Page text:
“Black people always say that White people don’t use seasoning. This saying is one of those sayings that I always heard, but never understood. I am Black, but I was adopted into a White household … Even though I identify as a Black woman, all my life I have struggled with breaking into the Black culture because other people around me consciously or unconsciously prevent me from doing so.

—Brittany Hartung, Spring Hill College, Mobile, Ala.
Click here to read the entire essay.


Literary Gems

We received many outstanding essays for the Fall 2019 Student Writing Competition. Though not every participant can win the contest, we’d like to share some excerpts that caught our eye:

How can other people say that I only have one identity before I can even do that for myself?
—Arya Gupta, Ethical Culture Fieldston Middle School, Bronx, N.Y.

‘Middle Child’ by J. Cole blasts through the party. Everyone spits the words like they’re on stage with him. J. Cole says the N-Word, and I watch my Caucasian peers proudly sing along. Mixed Girl is perplexed. Black Girl is crestfallen that people she calls friends would say such a word. Each letter a gory battlefield; White Girls insists they mean no harm; it’s how the song’s written. Black Girl cries.
—Liz Terry, Kirkwood High School, Kirkwood, Mo.

To me, valuing my ancestors is a way for me to repay them for their sacrifices.
—Jefferson Adams Lopez, Garrison Middle School, Walla Walla, Wash.

A one-hour drive with light traffic. That’s the distance between me and my cousins. Short compared to a 17-hour flight to the Philippines, yet 33 miles proved to create a distance just as extreme. Thirty-three miles separated our completely different cultures.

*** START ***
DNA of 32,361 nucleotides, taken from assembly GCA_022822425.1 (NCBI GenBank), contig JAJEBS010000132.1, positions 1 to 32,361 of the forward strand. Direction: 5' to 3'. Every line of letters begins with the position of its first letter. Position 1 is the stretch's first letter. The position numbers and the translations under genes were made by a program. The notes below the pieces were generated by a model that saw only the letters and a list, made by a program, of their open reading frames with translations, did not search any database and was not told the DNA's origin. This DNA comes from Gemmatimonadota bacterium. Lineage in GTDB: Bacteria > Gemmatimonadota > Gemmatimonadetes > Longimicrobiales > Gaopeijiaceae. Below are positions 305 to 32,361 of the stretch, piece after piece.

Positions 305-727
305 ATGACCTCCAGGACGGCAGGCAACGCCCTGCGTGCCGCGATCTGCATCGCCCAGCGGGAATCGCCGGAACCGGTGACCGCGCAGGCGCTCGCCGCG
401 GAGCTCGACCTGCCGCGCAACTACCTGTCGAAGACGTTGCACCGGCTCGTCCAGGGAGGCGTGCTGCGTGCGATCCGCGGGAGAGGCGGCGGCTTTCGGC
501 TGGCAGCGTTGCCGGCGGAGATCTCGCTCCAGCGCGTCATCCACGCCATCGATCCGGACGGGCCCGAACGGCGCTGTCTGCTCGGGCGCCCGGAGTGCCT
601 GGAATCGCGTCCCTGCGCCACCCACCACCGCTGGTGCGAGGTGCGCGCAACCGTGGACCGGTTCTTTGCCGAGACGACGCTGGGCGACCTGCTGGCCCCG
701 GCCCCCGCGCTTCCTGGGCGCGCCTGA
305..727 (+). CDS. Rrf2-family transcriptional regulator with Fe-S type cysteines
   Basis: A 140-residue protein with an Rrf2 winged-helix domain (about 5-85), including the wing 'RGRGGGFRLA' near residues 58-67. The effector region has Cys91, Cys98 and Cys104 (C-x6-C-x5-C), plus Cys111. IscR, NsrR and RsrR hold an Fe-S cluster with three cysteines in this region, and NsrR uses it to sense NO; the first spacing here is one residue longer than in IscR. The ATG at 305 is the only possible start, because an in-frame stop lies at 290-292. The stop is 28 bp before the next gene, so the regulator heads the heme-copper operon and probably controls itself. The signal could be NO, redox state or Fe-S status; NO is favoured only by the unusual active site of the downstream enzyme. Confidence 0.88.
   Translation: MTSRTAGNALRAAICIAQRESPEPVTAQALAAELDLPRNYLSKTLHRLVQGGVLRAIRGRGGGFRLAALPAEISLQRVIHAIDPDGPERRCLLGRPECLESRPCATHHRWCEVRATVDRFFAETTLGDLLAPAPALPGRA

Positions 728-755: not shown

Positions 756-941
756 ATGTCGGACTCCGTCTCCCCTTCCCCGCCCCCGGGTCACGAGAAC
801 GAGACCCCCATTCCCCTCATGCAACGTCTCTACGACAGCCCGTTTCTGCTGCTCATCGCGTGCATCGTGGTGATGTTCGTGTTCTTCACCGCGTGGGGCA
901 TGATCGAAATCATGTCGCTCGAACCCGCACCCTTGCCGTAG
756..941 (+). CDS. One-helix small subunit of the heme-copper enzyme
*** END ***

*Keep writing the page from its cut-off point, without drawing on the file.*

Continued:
—Grace Timan, Mount Madonna High School, Gilroy, Calif.

What does it mean to feel Korean? Does it mean I have to live as if I live in Korea? Does it mean I have to follow all the traditions that my grandparents followed? Or does it mean that I can make a decision about what I love?
—Max Frei, Ethical Culture Fieldston Middle School, Bronx, N.Y.

Not knowing feels like a safe that you can’t open (speaking about her ancestry).
—Madison Nieves-Ryan, Rachel Carson High School, New York, N.Y.

As I walked down the halls from classroom to classroom in high school, I would see smiling faces that looked just like mine. At every school dance, in every school picture, and on every sports team, I was surrounded by people who looked, thought, and acted similar to me. My identity was never a subject that crossed my mind. When you aren’t exposed to diversity on a daily basis, you aren’t mindful of the things that make you who you are.
—Jenna Robinson, Kent State University, Kent, Ohio

When my Great-Great-Grandfather Bill was 12, he ran away to work with his uncles. And then when he was older and married, he called up his wife and said, “Honey, I’m heading off to college for a few years. Buh-Bye!” Because of his adventurous spirit, Bill Shea was the first Shea to go to college. Ever since my mom told me this story, I’ve always thought that we could all use a little Bill attitude in our lives. 
—Jordan Fox, Pioneer Middle School, Walla Walla, Wash.